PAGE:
On the one hand, it sounds obvious: For Cognitive Restructuring to be successful you must practice. And yet, I think it’s surprising how often we try new things expecting to get immediate results.
The goal of Cognitive Restructuring is to fundamentally change the way we habitually interpret negative events in our mind. It’s a lofty goal. And while it’s completely doable, it does take practice and plenty of it. So set your expectations accordingly.
Not remembering to practice
Even if we understand that Cognitive Restructuring will take practice for it to be successful, there’s a related problem of remembering to practice in the first place. Despite our best intentions, new habits often fall by the wayside simply because we have no reliable way to remind ourselves to practice them.
Remembering to do Cognitive Restructuring is a challenge because it’s not something we can just practice whenever we have a spare moment; instead, it’s best practiced immediately following an incident that leads to us becoming upset.
To reverse engineer this problem, we might start with identifying things we do after becoming upset and see if we can’t use those things as a reminder to practice.
For example, if you tend to text your spouse whenever something upsetting happens at work, you might ask your spouse to text you back with a reminder to do some Cognitive Restructuring.
Or let’s say whenever you get into an argument with your spouse and get upset, you tend to disappear into your room and fiddle around on the computer. In that case, a sticky note on your laptop that says “Cognitive Restructuring” might help you remember.
Practicing in your head
I pointed this out earlier, but it’s very important (borderline essential) that you not try to do Cognitive Restructuring in your head when you’re first starting out. The act of writing things down and referring to a Thought Record helps establish the basic knowledge and skills you need to complete it successfully.
Doing your Cognitive Restructuring on paper (or digitally) has a second big benefit: it forces you to slow down.
We can’t write/type nearly as fast as we can think. So when we force our thoughts down to the speed of writing, it often lowers the overall intensity of our feeling (Remember: the more negative thoughts you have the more negative feeling you’re going to experience).
Spending too much time on it
While spending too little time practice Cognitive Restructuring will obviously limit its usefulness, spending too much time on it can also be a problem.
Many people spend far too long on their Cognitive Restructuring, agonizing over tiny details and being hyper-thorough. The problem is that such an approach isn’t sustainable and those who do go this route end up burning out quickly.
A good rule of thumb is that Cognitive Restructuring should not take more than 5 or 10 minutes. At the very beginning, it may take a bit longer depending on the complexity of the situation and how familiar you are with the exercise, but in general, this should not be a time-intensive task. Instead, it should be surgical—accurate but concise!
That’s just positive thinking
One of the biggest misconceptions about Cognitive Restructuring is that it’s “just positive thinking.” In fact, that’s not what it is at all.
The overarching goal of Cognitive Restructuring is not to think more positively; it’s to think more realistically. Of course, if you’re habitually thinking in an unrealistically negative way, then yes, doing Cognitive Restructuring will lead to more positive thinking. But that’s simply a side effect of thinking more realistically.
It feels too simplistic
Many people instinctively feel that something as simple as changing the words you use to talk to yourself can have a significant and sustained effect on how you feel on a regular basis. And as a result, they dismiss it out of hand.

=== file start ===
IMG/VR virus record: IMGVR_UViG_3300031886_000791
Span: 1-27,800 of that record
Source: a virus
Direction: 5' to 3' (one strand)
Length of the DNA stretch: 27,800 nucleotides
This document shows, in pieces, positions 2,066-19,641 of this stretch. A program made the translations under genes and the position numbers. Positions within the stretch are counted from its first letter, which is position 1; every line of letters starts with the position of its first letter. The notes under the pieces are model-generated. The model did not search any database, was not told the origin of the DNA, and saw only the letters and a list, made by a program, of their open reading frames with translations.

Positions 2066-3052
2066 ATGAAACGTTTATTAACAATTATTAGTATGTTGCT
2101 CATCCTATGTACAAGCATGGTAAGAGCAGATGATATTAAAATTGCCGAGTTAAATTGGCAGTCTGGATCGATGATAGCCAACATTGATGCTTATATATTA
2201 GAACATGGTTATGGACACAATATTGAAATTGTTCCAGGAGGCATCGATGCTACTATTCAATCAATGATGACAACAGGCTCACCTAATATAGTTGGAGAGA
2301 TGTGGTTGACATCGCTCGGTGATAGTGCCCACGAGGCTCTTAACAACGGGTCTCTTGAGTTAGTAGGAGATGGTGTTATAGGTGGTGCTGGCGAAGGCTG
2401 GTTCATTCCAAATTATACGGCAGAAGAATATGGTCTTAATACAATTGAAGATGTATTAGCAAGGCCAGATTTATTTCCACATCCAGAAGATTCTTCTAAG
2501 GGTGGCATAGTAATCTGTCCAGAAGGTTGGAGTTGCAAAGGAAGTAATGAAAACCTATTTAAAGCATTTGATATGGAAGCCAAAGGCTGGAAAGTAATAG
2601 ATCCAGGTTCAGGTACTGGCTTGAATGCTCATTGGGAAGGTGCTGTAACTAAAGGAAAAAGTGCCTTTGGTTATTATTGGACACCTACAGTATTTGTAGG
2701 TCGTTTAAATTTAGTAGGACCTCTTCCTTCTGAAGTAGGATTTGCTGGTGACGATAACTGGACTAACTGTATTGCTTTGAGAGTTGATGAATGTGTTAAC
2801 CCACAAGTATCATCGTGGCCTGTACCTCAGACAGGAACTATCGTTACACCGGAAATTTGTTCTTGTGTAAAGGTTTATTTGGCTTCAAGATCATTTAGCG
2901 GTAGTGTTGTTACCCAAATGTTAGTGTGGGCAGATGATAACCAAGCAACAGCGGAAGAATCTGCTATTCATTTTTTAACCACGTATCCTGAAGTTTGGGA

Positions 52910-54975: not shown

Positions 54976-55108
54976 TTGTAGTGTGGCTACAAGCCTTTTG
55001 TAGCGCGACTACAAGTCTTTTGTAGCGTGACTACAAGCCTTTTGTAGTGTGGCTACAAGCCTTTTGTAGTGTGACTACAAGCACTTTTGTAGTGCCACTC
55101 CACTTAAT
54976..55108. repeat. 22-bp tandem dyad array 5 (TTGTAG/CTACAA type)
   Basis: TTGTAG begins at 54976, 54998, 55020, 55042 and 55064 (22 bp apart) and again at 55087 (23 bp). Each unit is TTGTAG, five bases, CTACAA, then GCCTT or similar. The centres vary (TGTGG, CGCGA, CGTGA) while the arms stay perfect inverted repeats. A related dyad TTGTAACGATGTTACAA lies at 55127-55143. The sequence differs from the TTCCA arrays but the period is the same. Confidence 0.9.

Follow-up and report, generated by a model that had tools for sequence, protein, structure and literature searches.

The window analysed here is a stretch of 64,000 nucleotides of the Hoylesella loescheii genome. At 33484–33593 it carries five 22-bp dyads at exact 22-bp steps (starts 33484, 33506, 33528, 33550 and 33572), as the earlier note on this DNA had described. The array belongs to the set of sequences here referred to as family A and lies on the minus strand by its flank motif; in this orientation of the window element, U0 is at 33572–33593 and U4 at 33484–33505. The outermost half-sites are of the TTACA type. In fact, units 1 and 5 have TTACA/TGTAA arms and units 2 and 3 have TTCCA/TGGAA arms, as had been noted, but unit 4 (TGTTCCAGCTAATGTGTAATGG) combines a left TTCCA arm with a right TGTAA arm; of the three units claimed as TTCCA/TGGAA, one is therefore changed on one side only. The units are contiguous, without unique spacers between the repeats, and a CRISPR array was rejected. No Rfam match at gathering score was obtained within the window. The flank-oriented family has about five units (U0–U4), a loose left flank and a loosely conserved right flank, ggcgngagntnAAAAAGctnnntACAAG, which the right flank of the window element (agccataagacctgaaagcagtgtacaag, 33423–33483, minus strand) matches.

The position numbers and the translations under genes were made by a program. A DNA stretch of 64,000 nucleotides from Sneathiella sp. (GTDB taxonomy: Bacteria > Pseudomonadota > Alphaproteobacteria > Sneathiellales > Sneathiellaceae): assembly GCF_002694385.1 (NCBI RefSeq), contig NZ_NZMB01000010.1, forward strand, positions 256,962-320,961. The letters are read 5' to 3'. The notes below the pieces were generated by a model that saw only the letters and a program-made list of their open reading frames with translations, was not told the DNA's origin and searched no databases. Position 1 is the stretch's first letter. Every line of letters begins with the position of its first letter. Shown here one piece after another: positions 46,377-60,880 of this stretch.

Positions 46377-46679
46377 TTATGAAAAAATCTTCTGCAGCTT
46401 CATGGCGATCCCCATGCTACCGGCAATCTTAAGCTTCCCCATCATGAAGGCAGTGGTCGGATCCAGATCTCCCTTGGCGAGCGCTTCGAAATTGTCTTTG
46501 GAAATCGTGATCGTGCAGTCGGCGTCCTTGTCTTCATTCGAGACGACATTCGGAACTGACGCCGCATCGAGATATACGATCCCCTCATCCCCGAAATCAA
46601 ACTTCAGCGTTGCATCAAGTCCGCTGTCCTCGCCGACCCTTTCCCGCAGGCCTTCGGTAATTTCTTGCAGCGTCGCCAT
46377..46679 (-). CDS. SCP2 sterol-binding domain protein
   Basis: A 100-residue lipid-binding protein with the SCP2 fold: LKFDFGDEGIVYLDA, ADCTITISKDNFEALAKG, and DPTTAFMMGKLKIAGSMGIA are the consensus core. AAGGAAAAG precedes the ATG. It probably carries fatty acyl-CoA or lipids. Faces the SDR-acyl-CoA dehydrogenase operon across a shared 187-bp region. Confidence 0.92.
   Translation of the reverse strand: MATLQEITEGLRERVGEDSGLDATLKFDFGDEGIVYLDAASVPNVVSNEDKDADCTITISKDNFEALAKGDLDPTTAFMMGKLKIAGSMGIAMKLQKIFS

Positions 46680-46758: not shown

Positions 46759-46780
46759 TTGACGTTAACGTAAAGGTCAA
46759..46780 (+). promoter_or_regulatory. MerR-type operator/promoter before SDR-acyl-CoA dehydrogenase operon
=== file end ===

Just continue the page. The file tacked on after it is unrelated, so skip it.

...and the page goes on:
My counter-argument is simple: What if you surrounded yourself with negative people who constantly berated you and put you down? Even if you knew they were wrong, the constant barrage of negativity would start to get to you. And ultimately, changing the type of people whom you hung around with (or somehow getting them to change how they spoke to you) would be the solution to not feeling so bad.
Isn’t it bad to “fight” against my thoughts? Shouldn’t I just accept them?
Maybe the most legitimate obstacle to Cognitive Restructuring is the idea that engaging with our negative self-talk—even if it’s in an attempt to make it more realistic—isn’t always a good idea.
And actually, I think this is true.
While Cognitive Restructuring is often helpful, it’s not the only way to deal with negative thinking and self-talk. In fact, for many of my own clients, I often recommend a more mindfulness-based approach that involves observing negative thoughts without engaging with them.
The point is, Cognitive Restructuring is an approach—and often a powerful one—but we should acknowledge that there are other approaches that may be equally or even more effective depending on the context.
Summary and Key Points
Cognitive Restructuring is a powerful technique for reducing negative thinking patterns and whatever stress, anxiety, or other negative emotions and moods they create.
By learning to practice identifying and restructuring these habitual ways of thinking, we can not only start to feel better in the moment but in the long-run, we can train our minds to think about the world in a more realistic and balanced way.
Here are the most important concepts and ideas from this guide:
- Cognitive Restructuring is a core technique from Cognitive Behavioral Therapy, the most research-supported approach to treating common emotional struggles such as anxiety and depression.
- Cognitive Restructuring helps us to identify overly-negative habits of thinking which lead to overly-negative mood states.
- By changing our automatic thoughts to be more realistic, we can change how we feel on a regular basis for the better.
- Cognitive Restructuring has many practical benefits from lower anxiety and stress to improved communication, less procrastination, and more confidence.
- There are 6 basic steps in Cognitive Restructuring:
- Hit the pause button.
- Identify the trigger.
- Notice your automatic thoughts.
- Identify your emotional reaction and how intense it is.
- Generate alternative thoughts.
- Re-rate the intensity of your emotions.
- A Thought Record is a practical template for doing a Cognitive Restructuring that’s especially useful for beginners still learning the process.
- Cognitive Distortions are unrealistic and exaggerated ways of thinking that lead to negative self-talk and overly-negative emotions and moods. They include: mind reading, overgeneralization, magnification, minimization, emotional reasoning, black & white thinking, personalization, fortune telling, labeling, and should statements.
- It’s essential to understand that the power and benefit of Cognitive Restructuring come from the consistent practice of doing it.
CHECK NICK OUT AT: nickwignall.com (more in bio below)